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Mixed Bankruptcy Picture for Retail, Improvement for Energy

By Stephanie Gleason | Published on September 28, 2018

Retailers continued, slow and steady, to file for bankruptcy during the third quarter, but filings from big-box retailers and department stores have still been notably missing from the year’s filers—so far.

Specialty retailers Brookstone Holdings Corp., National Stores Inc., Sarar USA Inc., Gump’s Holdings LLC and Samuels Jewelers Inc. all filed for Chapter 11 bankruptcy since July 1. But department stores, like Sears Holdings Corp. (SHLD) and J.C. Penney Co. (JCP), that have long been ripe for restructuring continued to hang on.

For retailers, the fourth quarter is a make-or-break time, and there’s reason to think that more pain could befall the industry at that time.

“In the last quarter, you haven’t seen big names collapsing, where a few quarters before we were seeing Toys ‘R’ Us file bankruptcy,” said retail expert Alan Treadgold of PA Consulting Group.

He noted that a lot of the pain in retail so far this year has hit specialty retailers, like Claire’s Stores Inc. and Nine West Holdings Inc., while things for many of the big-box retailers haven’t become that dire yet.

However, he said, “the general upturn in the U.S. economy hasn’t come through in stronger retail sales for a number of retailers.” As a result, “I think there is a lot of pain still to come in the sector,” he said.

In the third quarter, restaurants, including the owner of El Torito and Chevy’s, celebrity chef Mike Isabella’s restaurant group and Southern California diner Ruby’s, also logged bankruptcy filings.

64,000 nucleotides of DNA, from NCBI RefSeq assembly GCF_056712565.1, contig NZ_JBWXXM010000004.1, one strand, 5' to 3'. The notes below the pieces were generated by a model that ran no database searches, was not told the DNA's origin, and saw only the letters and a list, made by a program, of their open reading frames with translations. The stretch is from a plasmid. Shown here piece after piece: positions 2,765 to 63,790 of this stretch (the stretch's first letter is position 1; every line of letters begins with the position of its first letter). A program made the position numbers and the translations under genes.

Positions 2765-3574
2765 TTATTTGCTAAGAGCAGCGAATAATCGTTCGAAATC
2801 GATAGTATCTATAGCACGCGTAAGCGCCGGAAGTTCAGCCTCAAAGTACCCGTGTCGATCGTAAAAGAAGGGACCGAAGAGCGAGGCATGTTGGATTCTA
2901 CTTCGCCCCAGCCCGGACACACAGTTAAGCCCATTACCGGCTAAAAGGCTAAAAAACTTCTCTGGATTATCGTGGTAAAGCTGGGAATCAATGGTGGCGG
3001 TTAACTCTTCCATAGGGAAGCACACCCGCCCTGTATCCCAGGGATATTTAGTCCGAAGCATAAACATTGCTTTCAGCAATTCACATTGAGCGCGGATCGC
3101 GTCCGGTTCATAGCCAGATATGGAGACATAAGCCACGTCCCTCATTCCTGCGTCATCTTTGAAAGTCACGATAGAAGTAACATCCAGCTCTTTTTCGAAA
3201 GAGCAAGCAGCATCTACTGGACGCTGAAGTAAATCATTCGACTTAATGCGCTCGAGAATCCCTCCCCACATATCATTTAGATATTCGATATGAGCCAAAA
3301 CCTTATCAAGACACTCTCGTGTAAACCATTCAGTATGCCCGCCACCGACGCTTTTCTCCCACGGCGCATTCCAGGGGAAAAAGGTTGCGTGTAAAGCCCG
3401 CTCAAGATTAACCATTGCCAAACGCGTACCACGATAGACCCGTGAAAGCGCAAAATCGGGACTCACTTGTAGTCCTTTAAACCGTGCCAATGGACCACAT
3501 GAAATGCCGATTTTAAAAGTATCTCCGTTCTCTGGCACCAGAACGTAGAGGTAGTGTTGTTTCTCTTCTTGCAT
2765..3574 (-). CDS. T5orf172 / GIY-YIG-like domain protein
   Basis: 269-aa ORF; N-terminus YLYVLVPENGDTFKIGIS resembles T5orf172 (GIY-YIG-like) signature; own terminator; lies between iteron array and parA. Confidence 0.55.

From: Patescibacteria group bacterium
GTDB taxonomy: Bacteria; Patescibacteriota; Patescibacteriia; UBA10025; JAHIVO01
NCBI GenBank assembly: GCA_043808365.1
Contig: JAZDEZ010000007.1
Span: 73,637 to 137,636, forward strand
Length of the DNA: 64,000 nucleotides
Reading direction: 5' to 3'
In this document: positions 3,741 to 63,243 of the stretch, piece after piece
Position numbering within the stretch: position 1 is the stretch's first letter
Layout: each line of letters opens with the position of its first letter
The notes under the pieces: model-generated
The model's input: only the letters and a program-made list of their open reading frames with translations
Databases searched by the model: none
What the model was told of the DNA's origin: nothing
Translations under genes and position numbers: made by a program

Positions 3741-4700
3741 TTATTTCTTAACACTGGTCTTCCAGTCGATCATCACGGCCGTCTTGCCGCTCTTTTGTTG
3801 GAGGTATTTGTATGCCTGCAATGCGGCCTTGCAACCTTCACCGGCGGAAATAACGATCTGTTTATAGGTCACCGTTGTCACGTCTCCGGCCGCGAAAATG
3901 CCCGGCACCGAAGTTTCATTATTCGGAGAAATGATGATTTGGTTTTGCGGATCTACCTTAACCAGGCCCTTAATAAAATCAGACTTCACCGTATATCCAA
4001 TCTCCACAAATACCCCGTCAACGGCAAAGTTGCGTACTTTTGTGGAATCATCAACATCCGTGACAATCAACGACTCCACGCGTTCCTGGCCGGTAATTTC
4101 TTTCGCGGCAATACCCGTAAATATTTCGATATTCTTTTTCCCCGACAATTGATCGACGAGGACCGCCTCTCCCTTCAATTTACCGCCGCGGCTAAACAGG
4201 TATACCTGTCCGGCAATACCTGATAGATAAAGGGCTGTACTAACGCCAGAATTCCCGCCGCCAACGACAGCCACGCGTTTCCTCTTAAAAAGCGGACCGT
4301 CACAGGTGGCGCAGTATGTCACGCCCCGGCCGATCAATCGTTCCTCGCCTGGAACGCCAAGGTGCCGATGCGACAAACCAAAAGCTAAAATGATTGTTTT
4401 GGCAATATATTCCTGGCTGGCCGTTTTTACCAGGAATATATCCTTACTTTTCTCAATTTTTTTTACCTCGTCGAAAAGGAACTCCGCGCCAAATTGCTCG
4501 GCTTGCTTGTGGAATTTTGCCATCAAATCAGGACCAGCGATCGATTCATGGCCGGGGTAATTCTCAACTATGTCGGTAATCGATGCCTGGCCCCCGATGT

Many in these sectors are likely to continue to restructure in the coming years. According to S&P Global Ratings, $50 billion in speculative-grade debt held by restaurants or retailers will mature in the next three years.

On the other hand, bankruptcies among oil and gas companies are leveling off.

Since the downturn in oil and gas prices beginning in 2015, 160 oil and gas producers holding $92.9 billion in debt have filed for bankruptcy, according to Haynes and Boone LLP‘s  most recent report, which tracked filings through August 2018.

Of those 160 filers, just 22 producers holding $9 billion in debt have filed in 2018.

The Texas law firm expects this trend will continue.

“This optimism manifests itself in the results of our Fall 2018 Borrowing Base Redeterminations Survey, which predicts increases in credit availability to producers,” Haynes and Boone said in the Wednesday, Sept. 26, report. Redeterminations are periodic reviews by industry lenders of the value of the assets they lend against. Haynes and Boone added that the survey, plus the findings of its bankruptcy monitor reports “show the sun setting on a three-year era of oil and gas bankruptcies.”


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